The sooner treatment starts, the sooner you'll feel better! If you've been affected by anything you've read here, contact your GP now. Don't delay in seeking help. Depression sometimes lifts on its own, but why take the chance?
Speak with your GP or a health professional for extra information or to get on the road to recovery today.
You can find a list of national agencies that can help with depression here: National depression Agencies
|Please read each statement and write a response which indicates how often you have been bothered by the following problems over the last two weeks. There are no right or wrong answers. Do not spend too much time on any one statement. This assessment is not intended to be a diagnosis. If you are concerned about your results in any way, please speak with a qualified health professional.|
|0 = Not at all | 1 = Several days | 2 = More than half the days | 3 = Nearly every day|
|1||Little interest or pleasure in doing things|
|2||Feeling down, depressed, or hopeless|
|3||Trouble falling or staying asleep, or sleeping too much|
|4||Feeling tired or having little energy|
|5||Poor appetite or overeating|
|6||Feeling bad about yourself, or that you are a failure or have let yourself or your family down|
|7||Trouble concentrating on things, such as reading the newspaper or watching television|
|8||Moving or speaking so slowly that other people could have noticed? Or the opposite - being so fidgety or restless that you have been moving around a lot more than usual?|
|9||Thoughts that you would be better off dead or of hurting yourself in some way|
|10||If you identified any problems on this questionnaire so far, how difficult have these problems made it for you to do your work, take care of things at home or get along with other people?|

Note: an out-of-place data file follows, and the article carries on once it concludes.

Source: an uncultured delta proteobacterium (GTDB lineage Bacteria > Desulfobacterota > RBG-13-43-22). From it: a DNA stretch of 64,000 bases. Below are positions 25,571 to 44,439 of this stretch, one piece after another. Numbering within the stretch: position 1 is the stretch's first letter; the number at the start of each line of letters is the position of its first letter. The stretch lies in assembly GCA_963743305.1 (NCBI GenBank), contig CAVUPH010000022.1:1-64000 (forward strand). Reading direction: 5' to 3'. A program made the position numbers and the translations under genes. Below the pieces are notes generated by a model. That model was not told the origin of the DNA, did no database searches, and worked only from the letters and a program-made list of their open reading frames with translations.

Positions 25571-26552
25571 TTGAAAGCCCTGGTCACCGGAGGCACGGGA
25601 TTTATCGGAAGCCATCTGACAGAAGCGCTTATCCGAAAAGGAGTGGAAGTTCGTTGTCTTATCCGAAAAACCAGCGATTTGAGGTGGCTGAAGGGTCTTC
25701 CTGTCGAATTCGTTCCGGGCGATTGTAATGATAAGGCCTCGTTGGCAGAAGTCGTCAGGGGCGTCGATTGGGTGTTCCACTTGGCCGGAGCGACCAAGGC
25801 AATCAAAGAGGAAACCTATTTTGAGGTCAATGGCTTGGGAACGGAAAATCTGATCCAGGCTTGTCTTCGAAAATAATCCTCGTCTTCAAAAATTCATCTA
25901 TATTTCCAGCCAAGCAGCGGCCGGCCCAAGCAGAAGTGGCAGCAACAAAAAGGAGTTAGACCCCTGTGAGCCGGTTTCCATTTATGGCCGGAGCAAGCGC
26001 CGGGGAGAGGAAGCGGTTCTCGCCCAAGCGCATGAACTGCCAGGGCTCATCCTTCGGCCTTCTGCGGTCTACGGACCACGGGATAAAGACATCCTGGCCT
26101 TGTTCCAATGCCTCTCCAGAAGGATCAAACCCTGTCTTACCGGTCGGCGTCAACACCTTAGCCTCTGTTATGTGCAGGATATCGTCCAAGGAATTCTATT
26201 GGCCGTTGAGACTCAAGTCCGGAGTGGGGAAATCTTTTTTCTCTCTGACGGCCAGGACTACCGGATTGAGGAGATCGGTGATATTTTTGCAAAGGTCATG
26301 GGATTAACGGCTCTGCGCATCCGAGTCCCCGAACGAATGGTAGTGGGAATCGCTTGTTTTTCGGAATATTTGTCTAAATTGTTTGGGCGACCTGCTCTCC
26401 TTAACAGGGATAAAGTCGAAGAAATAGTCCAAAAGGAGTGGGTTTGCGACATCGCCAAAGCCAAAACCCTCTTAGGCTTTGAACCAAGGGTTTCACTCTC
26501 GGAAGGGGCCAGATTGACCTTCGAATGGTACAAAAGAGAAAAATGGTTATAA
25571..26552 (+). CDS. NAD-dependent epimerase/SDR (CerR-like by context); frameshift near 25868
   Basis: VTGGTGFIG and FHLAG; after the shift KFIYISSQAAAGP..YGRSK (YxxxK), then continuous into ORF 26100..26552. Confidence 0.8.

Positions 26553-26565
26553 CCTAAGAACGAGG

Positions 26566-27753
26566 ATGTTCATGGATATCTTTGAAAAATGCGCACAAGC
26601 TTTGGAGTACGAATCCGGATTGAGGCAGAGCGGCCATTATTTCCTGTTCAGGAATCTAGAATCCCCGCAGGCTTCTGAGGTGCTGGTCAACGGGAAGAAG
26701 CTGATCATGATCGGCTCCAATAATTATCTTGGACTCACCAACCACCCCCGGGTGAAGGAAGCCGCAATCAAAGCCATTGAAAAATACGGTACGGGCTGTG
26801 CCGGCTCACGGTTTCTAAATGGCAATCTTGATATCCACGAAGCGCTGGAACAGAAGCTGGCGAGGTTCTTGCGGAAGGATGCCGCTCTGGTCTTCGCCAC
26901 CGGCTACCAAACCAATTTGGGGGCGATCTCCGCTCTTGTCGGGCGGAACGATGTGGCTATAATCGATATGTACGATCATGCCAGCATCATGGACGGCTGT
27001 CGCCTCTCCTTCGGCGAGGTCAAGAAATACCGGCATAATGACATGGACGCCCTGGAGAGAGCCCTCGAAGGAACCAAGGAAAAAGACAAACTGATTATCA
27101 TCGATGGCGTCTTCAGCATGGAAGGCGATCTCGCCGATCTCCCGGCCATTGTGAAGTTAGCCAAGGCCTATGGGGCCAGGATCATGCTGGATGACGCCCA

|Total PHQ-9 score =|
The maximum score of the PHQ-9 is 27, lower scores are better. Depression severity is calculated by assigning scores of 0, 1, 2 and 3, to the response categories of: 'not at all'; 'several days'; 'more than half the days' and 'nearly every day' respectively. Only the first nine questions are scored by adding the scores of the individual items. The final question, the 'difficulty' item, is not used in calculating any score or diagnosis; but rather represents the patient's global impression of symptom-related impairment. It is strongly associated with both psychiatric symptom severity and health-related quality of life. Scores of 5, 10, 15, and 20 represent cut-off points for 'mild', 'moderate', 'moderately severe' and 'severe' depression respectively.
You can download a PDF of the above table here: PHQ-9 Table
Disclaimer: This article is for information only and should not be used for the diagnosis or treatment of medical conditions. We have used all reasonable care in compiling the information but make no warranty as to its accuracy. We recommend you consult a doctor or other health care professional for the diagnosis and treatment of medical conditions, or if you are at all concerned about your health.